Top Image: Geoff Fitzgerald

The Don Valley: Toronto’s natural highway

Jul 4, 2018

Deer do it. Birds do it. Even fish are doing it again.

All of them are using the Don Valley River Park to get where they need to go. So, why aren’t you?

It’s time for more people to start using the Valley’s trails and pathways to move around the city.

The Don River Valley Park plays many different roles. It’s a great space for respite in nature, a place for community, and a standout space for public art. But, it’s underappreciated and underused as a commuting line.

A boy stands with his bike in front of a statue in the Don Valley.

For nearly a century now, the Don Valley has served as the unofficial dividing line between Toronto’s east and west sides. It’s a green centre for the sprawling city, meandering from the lakeshore all the way up to the 401 and beyond. That position in the middle of the city makes it a natural avenue for people trying to travel into, out of, and through the downtown core and its surrounding neighborhoods.

If your impression of the area is dominated by the roar of cars on the Don Valley Parkway, you’re overdue for a visit. Years of ecological restoration and investments into trail, path, and wayfinding infrastructure mean that the valley is steadily becoming more of a greenway than an expressway. Each day, people are walking, jogging, and cycling through the Don Valley to get to work, to get home, or anywhere else they need to go.

A trail map of the Don River Valley Park.
Click to see and download the full map.

This map shows all the spaces that are within a 20-minute bicycle ride from the Don River Valley Park. When you get onto two wheels in the Valley, you can cycle from Corktown Common up to the Toronto Reference Library at Yonge-Bloor in less than 20 minutes. If you’re coming down the Valley, you can get from Riverdale Park East into the heart of the Financial District in just a few minutes more.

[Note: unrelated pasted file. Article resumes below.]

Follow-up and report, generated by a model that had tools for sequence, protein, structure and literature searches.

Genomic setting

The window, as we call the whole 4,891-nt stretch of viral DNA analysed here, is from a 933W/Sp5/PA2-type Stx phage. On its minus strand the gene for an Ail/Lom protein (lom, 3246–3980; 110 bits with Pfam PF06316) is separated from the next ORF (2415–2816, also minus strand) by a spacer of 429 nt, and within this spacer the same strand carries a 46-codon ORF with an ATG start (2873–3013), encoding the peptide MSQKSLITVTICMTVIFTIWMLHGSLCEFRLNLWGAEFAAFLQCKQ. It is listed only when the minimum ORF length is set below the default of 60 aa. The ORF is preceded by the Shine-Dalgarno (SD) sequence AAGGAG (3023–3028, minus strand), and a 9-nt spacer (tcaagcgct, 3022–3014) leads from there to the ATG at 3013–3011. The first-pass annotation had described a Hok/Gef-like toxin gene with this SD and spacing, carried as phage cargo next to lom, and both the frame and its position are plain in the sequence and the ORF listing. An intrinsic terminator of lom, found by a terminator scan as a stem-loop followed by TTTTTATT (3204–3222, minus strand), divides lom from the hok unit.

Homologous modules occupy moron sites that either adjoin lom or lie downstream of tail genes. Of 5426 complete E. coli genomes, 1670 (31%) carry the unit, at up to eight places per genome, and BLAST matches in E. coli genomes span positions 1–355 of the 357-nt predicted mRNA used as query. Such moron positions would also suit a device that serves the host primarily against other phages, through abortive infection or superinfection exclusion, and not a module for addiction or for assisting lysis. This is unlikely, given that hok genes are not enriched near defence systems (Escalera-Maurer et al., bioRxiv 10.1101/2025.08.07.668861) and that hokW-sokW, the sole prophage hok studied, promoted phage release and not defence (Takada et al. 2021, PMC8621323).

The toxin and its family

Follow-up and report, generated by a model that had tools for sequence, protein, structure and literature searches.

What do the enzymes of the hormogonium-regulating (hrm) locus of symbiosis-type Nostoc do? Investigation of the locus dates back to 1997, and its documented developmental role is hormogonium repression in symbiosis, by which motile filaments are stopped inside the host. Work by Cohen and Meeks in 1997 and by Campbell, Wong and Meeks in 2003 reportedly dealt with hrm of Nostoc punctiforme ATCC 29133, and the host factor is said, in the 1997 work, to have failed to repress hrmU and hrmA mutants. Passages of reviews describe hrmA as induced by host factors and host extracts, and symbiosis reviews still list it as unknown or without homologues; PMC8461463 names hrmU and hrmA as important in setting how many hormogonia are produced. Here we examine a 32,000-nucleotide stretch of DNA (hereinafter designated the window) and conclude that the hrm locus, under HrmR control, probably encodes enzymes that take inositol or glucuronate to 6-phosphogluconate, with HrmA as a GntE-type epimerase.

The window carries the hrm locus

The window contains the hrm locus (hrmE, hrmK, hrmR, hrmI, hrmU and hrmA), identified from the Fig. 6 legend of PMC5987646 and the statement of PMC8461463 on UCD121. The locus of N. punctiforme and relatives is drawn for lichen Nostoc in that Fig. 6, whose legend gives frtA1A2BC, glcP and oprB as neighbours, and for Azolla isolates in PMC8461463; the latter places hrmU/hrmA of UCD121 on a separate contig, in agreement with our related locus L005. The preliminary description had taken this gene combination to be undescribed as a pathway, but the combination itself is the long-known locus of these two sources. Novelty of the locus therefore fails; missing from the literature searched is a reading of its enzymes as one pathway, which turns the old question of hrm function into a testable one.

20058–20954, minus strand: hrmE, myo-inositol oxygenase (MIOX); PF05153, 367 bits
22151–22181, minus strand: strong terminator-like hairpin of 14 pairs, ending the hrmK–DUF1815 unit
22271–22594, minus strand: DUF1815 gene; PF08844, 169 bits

Since the launch of the Don River Valley Park project, Evergreen and its partners The City of Toronto and the Toronto and Region Conservation Authority continue to improve the Trail with new gateways, access points and bridges.

The system is not yet perfect. An increase in accessible entry points into the Valley would allow even more people to be able to use the Trail. The balance is delicate. Just as there needs to be an increase in options for how Torontonians get around, it's also important to respect and improve upon the ecology of the Valley. 

As it stands, the edges of the Don Valley are relatively underpopulated. High rises dot the eastern edge of the Valley, but in coming years, it’s projected to be a space of intense housing development. Soon tens of thousands more people will be calling the Valley home, so it’s important we have different and more efficient ways for them to move around. Our roads can’t handle another 10,000 cars jockeying for space during rush hour. And the Bloor-Danforth subway line already has people elbow-to-elbow.

We need transit development to accommodate those people, but we also need to make better use of what we have already. We need to normalize and build support for transportation options that have a low impact on the environment and move people efficiently. In both those categories, riding a bike is hard to beat.

While you're moving up and down the trails on bike or foot, take a moment to soak in the natural beauty of the space. How rare is it that your route to work, school or home can include this type of scenery?

Once you get out and start pedalling the Don River Valley Park, you just might realize those deer, birds, and fish are onto something.